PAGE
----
Tuesday, December 23, 2008

Converting offices into Paperless zones

The concept of paperless offices eludes us but the initiative to create one still exists. Thankful as environmentalists are to businesses for pursuing the vision of a paperless office, this dream can only be fulfilled if there is an organisation-wide revolution. Strong the use of the word 'revolution'
is, but organisations must realise that nothing short of revolution is what they need to convert all their activities to a virtual medium. Also, since half-hearted employee participation derails most initiatives, the need to excite employees about a paperless office should become the focal point of the 'paperless' drive.

In short, ensuring a smooth and complete transformation to a paperless office would require employees to be excited about using paperless or online alternatives. This week's mailer suggests a few approaches to eliminating the use of paper.

*Failed efforts *

Committed to converting his office into a paperless retreat, the director of a mortgage unit installed the latest scanners to discourage documents being printed, photocopied and sent to clients. He also invested in state of the art systems to speed up online communication. Soon after the scanners and systems were commissioned he made an announcement in the cafeteria declaring the office as 'paper free from tomorrow'. In addition to the protests that followed his announcement, what came as a blow was when some employees threatened to quit. The lesson learnt was to be careful in introducing technology to employees.

A recent study confirms that 70 percent of IT initiatives have failed. New systems end up untouched or under-used because employees find either the hardware or the applications too confusing and even difficult to use. As a result, the old paper-centric ways remain popular. Also, as Moez Limayem, an IT professor says, *"IT projects fail not because of the technology but because human beings resist change and uncertainty." *Therefore, in introducing the concept of a paperless office, the first step should be to excite employees about it to ensure high buy-in. Here are a few initiatives to create the hype.

*Working towards the top *

Clich├ęd as it sounds, nothing gains momentum without top management buy-in.
But investing in technology based on top management inputs can be a big mistake. With employees as end-users, it is prudent to involve them in deciding on technologies to invest in.

While employees will 'in principle' agree to use what the management suggests `in principle', on-the-job usage is typically poor. As a technical executive says, *"Many users will nod their heads happily as the technology gets deployed. But within days, they have figured out ways around it so they can do their job the way they always did, which results in a big waste of time and money all around." *Therefore, it is a bad idea to introduce applications and systems without warming employee up to the idea of using them. The first step to this warm-up would be to conduct a survey to find out their choice. Next:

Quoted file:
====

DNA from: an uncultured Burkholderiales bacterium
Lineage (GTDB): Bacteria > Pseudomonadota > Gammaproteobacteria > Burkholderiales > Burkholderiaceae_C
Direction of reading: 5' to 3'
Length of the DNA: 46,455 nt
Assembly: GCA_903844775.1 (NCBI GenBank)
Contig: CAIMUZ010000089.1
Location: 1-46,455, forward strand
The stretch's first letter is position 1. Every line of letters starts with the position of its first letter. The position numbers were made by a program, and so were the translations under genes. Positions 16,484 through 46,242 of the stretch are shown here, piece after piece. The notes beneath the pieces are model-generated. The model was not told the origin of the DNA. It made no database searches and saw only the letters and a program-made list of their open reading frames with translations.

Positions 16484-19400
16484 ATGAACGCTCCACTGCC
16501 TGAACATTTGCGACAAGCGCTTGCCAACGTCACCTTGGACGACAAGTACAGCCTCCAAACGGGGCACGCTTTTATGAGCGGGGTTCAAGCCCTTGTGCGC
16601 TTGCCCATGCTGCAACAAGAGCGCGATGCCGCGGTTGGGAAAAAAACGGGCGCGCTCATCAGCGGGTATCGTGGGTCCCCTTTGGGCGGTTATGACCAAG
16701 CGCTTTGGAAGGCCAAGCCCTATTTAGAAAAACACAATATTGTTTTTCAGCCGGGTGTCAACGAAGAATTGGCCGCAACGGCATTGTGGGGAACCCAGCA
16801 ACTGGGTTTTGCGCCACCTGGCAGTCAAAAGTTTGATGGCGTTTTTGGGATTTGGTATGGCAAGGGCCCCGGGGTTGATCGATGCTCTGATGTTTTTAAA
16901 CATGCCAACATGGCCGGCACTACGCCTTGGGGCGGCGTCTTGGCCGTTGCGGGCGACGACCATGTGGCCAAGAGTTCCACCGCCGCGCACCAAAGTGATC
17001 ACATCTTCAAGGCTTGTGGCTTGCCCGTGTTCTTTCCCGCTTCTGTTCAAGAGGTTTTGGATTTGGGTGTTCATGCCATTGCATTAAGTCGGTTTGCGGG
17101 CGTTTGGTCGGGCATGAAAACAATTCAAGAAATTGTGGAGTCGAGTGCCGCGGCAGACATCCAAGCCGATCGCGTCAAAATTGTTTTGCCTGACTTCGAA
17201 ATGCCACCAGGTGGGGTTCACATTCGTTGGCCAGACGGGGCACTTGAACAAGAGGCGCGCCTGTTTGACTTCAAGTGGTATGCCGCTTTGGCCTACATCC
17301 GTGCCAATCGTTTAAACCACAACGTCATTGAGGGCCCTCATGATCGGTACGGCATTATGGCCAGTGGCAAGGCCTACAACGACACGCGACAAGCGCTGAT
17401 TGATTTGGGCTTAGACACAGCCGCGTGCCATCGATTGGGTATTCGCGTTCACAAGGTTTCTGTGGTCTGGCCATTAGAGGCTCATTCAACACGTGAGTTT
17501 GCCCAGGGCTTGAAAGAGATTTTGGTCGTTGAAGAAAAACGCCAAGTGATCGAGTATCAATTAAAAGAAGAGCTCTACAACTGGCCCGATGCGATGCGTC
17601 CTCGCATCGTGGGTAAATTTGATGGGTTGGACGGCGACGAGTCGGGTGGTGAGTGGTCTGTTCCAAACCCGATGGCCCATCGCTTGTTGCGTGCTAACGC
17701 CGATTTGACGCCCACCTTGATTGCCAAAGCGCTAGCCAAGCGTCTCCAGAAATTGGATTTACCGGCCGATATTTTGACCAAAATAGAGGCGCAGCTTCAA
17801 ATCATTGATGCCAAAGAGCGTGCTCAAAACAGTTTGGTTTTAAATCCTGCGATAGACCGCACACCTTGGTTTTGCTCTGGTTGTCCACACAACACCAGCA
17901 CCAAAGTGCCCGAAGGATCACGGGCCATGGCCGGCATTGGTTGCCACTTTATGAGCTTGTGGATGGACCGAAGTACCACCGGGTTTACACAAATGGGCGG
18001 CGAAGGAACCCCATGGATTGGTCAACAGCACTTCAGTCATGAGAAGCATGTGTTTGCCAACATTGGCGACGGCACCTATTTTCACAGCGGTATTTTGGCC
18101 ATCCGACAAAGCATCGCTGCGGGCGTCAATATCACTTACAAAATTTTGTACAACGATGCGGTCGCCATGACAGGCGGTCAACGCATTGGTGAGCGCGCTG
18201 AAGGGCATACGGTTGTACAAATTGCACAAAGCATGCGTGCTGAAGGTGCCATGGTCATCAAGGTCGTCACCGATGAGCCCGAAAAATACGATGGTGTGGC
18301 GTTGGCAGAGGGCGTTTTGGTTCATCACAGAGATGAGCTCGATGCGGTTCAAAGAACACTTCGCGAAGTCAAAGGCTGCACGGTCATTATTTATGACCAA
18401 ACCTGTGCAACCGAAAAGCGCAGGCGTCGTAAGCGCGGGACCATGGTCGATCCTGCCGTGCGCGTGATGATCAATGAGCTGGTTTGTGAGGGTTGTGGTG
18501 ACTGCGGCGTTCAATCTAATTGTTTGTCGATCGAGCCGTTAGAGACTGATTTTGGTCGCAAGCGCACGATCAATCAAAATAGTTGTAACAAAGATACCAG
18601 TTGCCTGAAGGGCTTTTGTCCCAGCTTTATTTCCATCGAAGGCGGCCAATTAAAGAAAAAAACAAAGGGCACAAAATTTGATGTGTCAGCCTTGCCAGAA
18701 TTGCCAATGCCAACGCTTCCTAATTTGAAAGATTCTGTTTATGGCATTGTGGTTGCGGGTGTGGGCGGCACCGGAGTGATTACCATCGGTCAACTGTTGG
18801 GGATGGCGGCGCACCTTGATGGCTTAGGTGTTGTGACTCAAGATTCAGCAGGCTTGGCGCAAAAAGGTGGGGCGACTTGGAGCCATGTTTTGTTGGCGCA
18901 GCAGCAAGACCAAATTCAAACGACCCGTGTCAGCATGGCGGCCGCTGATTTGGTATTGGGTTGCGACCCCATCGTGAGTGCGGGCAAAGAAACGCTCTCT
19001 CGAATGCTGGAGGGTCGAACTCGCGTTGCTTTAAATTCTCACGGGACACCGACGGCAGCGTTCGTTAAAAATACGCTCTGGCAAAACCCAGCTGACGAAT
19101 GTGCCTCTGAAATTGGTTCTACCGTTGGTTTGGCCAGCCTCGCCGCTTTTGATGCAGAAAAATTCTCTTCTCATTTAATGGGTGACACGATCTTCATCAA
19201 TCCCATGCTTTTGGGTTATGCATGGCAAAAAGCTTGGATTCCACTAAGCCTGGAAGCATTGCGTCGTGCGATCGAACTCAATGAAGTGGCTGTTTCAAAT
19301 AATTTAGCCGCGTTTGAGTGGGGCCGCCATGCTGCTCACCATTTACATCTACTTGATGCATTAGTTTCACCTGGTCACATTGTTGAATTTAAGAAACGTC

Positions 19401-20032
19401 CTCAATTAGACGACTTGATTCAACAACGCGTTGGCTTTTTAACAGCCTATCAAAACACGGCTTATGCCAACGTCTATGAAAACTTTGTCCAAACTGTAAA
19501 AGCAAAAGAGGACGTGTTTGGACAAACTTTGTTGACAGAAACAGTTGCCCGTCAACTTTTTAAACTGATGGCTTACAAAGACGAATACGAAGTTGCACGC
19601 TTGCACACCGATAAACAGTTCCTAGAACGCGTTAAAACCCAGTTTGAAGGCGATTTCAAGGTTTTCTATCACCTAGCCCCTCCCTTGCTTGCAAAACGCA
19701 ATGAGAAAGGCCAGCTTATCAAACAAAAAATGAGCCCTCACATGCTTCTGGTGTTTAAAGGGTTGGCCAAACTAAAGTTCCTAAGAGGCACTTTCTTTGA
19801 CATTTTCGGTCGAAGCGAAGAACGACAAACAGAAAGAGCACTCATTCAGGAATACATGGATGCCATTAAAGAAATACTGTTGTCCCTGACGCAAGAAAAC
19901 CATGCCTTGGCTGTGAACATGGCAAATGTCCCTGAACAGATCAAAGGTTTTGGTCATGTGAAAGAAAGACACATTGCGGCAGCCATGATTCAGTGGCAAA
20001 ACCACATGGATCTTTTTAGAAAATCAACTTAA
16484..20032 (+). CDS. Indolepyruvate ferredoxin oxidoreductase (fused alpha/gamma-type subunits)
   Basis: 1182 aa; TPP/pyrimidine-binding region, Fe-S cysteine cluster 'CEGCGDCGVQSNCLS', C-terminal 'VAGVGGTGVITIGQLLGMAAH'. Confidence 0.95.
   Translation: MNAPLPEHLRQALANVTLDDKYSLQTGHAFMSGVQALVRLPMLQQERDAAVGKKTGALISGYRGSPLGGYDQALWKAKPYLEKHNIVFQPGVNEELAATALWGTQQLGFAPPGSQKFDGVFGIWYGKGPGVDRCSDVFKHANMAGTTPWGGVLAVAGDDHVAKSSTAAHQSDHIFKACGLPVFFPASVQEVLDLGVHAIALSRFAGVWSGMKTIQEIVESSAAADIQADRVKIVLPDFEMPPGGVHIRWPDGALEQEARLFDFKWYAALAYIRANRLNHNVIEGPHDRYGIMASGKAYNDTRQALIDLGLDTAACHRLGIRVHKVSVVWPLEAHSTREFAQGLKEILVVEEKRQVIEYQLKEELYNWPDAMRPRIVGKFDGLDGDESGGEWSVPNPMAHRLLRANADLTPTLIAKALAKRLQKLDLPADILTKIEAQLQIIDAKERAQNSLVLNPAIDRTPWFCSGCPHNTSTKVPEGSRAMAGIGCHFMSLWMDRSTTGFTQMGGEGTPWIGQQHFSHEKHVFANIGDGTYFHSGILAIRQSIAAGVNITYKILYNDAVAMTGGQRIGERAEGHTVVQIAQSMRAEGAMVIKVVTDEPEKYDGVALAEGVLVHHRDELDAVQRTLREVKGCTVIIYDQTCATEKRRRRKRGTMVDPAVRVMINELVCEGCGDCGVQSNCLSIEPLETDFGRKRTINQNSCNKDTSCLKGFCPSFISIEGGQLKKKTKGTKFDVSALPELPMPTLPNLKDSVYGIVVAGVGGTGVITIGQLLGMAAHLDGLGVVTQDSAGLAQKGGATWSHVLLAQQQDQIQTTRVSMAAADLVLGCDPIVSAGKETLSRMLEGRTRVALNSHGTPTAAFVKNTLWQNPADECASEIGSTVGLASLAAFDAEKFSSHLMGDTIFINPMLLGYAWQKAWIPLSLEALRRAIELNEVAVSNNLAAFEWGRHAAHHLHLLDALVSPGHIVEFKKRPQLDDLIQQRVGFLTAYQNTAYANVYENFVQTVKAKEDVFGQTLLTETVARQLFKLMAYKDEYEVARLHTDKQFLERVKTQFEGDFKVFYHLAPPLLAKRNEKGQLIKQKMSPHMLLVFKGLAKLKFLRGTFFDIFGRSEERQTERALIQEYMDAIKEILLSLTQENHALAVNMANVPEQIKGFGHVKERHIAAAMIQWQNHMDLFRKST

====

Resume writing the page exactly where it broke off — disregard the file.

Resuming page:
- Advertise the findings of the survey to convey the requirement of
- Highlight how new technology will enhance on-the-job productivity
- Share encouraging case studies and other success stories

This warming-up initiative should create a welcoming atmosphere for new technology. The next step of course is to make employees comfortable and conversant technologically.

*Training *

Seventy percent of fear of technology stems from unfamiliarity and only training helps de-demonise technology! Most companies put their employees through a short course on how to use a new application or system but such training has proved unhelpful in making those conversions. The better approach to training is to over-expose employees to new technology. The more training they receive the more comfortable they get.

Another approach to training is to get a handful of tech-savvy employees to master a particular application and make them subject matter experts. Other employees can then upgrade their knowledge gradually and use the technology under the tutelage of the experts. This informal approach to training has a better success rate.

*Motivators *

While it is the employee who gains the maximum from the use of technology, organisations still have to motivate them to use it. What works best are monetary incentives. A sales organisation encouraged the use of technology by tying commissions to sales generated by use of technology. A salesperson with maximum online clients and interactions took home the largest bonus. As the use of technologically-intensive processes continues to remain low, monetary incentives work well.

Converting an organisation or office into a paper-free place is not an overnight effort. But since paperless offices are the need of the hour, organisations must expedite their efforts towards it. The above- mentioned suggestions should help in that pursuit.


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